Jon Chapple lights a fuse, sticks his fingers in his ears and begins to run. By the time the explosion hits, Shooting At Unarmed Men will be on hiatus and Chapple will be safely in Australia starting afresh, away from the critics who tore into mini-album Soon There Will Be.. for lacking ‘good songs’. Surely, the brooding anger bubbling below the surface of Yes! Tinnitus! will finally teach us all not to mess with the Chapple-led trio, as the aural nail bomb explodes and we’re plastered with sharp-tongued masterpieces.
That's the idea at least. Yes! Tinnitus! tries hard to discard the floundering filler present on their previous effort, but it seems for every example of excellence is one of relative indifference. Leading single 'Girls Music' is a calculated, venomous verbal assault set to the album’s typical sound: angular, single-tracked lo-fi guitar, not high on gain, yet buzzing enough to satisfy the discerning post-punker. It represents the Unarmed collective’s best work to date, yet at the other end of the scale some songs chug sluggishly along towards their destination, and the lack of bass in the out-of-tune wall of noise that 'I Cry For No Man' becomes leaves it feeling more like a non-event when placed next to the more promising moments.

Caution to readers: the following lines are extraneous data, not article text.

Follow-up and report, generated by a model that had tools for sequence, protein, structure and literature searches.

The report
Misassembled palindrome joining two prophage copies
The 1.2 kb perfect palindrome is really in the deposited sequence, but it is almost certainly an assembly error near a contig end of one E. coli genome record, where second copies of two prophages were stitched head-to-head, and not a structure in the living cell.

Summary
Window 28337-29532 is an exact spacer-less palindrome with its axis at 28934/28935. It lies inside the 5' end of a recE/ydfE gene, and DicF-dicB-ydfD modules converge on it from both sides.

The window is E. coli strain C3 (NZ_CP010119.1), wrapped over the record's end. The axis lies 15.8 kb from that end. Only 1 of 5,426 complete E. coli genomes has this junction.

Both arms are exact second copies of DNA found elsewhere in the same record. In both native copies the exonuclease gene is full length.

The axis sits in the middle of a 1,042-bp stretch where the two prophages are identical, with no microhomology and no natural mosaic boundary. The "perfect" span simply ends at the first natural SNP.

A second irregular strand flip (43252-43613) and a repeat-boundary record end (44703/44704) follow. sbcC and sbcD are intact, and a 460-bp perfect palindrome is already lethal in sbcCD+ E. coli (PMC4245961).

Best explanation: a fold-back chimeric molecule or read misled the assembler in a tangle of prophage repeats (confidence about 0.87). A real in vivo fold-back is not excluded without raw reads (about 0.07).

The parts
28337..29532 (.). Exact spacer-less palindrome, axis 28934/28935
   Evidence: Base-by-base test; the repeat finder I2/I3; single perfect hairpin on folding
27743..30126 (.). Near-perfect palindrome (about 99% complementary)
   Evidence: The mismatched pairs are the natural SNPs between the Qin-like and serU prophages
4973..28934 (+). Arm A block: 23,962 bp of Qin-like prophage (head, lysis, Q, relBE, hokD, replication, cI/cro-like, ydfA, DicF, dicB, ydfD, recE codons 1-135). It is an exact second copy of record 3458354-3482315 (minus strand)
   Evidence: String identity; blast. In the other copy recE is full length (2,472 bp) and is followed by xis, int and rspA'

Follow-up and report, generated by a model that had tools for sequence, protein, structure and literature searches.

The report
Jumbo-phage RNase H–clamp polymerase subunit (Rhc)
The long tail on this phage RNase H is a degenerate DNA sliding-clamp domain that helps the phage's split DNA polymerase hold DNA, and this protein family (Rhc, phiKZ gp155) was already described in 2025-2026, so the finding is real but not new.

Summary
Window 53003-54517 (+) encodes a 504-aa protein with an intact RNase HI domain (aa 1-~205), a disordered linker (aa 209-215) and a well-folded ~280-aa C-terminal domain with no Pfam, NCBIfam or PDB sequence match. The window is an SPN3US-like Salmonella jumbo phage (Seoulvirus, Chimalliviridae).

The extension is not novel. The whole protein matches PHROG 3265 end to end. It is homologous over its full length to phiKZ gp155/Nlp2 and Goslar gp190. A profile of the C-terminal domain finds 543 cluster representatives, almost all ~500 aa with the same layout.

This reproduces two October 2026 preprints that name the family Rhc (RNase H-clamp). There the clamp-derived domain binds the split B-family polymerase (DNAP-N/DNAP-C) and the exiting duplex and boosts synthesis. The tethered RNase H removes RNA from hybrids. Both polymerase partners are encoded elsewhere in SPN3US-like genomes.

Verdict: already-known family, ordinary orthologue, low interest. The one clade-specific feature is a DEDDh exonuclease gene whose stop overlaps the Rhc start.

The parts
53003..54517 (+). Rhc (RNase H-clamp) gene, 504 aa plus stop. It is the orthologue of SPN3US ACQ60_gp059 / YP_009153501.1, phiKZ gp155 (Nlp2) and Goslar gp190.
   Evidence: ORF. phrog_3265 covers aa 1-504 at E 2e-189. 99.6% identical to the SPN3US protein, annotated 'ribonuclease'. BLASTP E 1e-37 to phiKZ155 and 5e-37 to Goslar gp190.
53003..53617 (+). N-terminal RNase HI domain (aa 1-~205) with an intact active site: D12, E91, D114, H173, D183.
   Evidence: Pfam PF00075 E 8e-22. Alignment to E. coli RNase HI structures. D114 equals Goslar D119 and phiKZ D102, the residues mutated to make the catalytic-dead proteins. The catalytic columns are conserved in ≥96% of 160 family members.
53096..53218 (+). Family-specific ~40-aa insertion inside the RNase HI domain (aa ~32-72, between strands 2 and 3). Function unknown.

Aside from the aforementioned single, Yes! Tinnitus! harbours two hidden gems, and they’re songs based on merit rather than the tongue-in-cheek lyrical insults you might expect. One, 'Pathos Ate Bathos', sounds like Diet Fugazi: a waltzing, stop-start number with a three bar pattern, high on instrumental work, although there are occasionally quiet, distant vocals that fight to restrain the distressed yelps that occasionally surface. Elsewhere, the slow-moving 'Pat Yourself On The Proverbial''s picked-chord combinations soak up discordant harmonies effortlessly, leaving an otherwise fairly unimaginative song feeling soothing. Aside from these two, even the songs that are little more than uninteresting chord progressions have their listening lives prolonged slightly by lyrical whimsy, although it's not often enough to stop them quickly fading from memory.
Yes! Tinnitus! is easily the better of the two major Shooting At Unarmed Men releases. Any bad moments are left redundant by the clever ones, yet it is the songs that leave you unaffected that end up tipping the scales; it isn’t bad, but it just doesn’t quite come together. The salt in the wound is, after the tenth and final track slowly staggers across the finishing line and you’re left to reflect, there comes the sound of rewinding tapes, before the album in its thirty-three minute entirety is repeated all over again, to remind you just how close this album came to being properly memorable.
Maybe it needs more dynamite.
6ben marwood's Score